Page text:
Why a new build home is greener and better value
New homes, built to the latest demanding environmental standards, are far better for the environment than the majority of second hand homes, say the New Homes Marketing Board.
In fact, new homes are on average six times more efficient than existing homes, generating over 60% less CO2 emissions - the equivalent of driving 10,000 miles less a year per household. This reduces energy bills by an average of more than £500 a year!
David Pretty, chairman of the New Homes Marketing Board - which is running New Homes Month throughout September - says: "Today's new homes really are green homes. They are built to the latest environmental standards and are extremely energy efficient, packed with highly-efficient heating systems, double glazed doors and windows, plus high levels of roof, floor and wall insulation.
"Cleary with energy prices as they are, this is a huge benefit to the purchasers of new homes, having the potential to save households hundreds of pounds a year. It's one of the many reasons we are urging people to get down to their local new home sites and showhomes during New Homes Month to see for themselves the benefits of buying a new home."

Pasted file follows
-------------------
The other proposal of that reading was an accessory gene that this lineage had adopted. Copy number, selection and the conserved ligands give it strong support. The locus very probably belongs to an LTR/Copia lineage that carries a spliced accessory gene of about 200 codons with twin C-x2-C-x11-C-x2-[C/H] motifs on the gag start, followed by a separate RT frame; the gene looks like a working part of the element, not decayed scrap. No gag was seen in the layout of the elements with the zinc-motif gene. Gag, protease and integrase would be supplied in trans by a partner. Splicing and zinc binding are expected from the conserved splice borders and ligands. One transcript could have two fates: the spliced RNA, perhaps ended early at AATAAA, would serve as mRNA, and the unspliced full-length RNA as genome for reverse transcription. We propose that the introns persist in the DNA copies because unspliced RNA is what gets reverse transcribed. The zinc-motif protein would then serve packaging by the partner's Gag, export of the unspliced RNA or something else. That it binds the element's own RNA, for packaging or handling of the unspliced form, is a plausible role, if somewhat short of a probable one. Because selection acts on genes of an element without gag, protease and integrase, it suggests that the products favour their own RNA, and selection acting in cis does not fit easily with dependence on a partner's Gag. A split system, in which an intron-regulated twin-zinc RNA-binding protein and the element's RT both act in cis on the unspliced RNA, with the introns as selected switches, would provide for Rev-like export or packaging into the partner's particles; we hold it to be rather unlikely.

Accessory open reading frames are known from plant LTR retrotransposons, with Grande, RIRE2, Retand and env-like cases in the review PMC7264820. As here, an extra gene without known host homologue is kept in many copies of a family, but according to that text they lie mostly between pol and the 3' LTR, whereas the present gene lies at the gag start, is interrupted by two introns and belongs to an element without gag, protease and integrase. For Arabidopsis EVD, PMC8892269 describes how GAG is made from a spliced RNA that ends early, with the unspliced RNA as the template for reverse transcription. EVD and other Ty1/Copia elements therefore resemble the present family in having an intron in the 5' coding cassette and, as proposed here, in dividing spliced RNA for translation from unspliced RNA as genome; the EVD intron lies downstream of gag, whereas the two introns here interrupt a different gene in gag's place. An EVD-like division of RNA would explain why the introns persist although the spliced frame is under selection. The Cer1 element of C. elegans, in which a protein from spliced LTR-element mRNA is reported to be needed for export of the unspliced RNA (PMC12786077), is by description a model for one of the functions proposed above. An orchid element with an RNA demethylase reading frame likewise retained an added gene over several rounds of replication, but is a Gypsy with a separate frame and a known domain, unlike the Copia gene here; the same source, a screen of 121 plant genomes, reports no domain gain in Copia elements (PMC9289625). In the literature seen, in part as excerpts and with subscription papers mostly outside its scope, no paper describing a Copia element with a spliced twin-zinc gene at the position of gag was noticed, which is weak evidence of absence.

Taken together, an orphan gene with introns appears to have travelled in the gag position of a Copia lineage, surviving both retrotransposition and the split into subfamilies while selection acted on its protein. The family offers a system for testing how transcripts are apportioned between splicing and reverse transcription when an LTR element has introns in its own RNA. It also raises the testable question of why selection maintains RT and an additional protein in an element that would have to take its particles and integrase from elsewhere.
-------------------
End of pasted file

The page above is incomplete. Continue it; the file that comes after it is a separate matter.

Energy efficiency and high environmental standards are already ranked high among the attributes buyers want from newly-built homes, according to a YouGov survey carried out for the New Homes Marketing Board in 2009. It asked respondents to select features they considered most important if they were buying a newly-built home. At 41 per cent, the category combining energy efficiency and high environmental standards was the third most important attribute chosen.
"This survey strongly underlined our message that new homes are already 'green' homes, certainly the greenest that you can go out and buy from the open market at any one time" said Mr Pretty.
Existing housing stock is one of the biggest generators of CO2 emissions, with older property generally performing worst. But new house builders are in the vanguard of change, improving environmental standards year-on-year. Thanks to building standards introduced in 2006, hew homes are already up to 60% more efficient than housing built at the beginning of the decade and the industry is currently working towards the challenging 'zero carbon' housing targets within the next 10 years.
Said David Pretty: "People who care about energy efficiency, the size of their utility bills and things like responsibly-sourced materials are increasingly inclined to buy new - and that's good both for the environment, the house building industry and of course the great British homebuying public."
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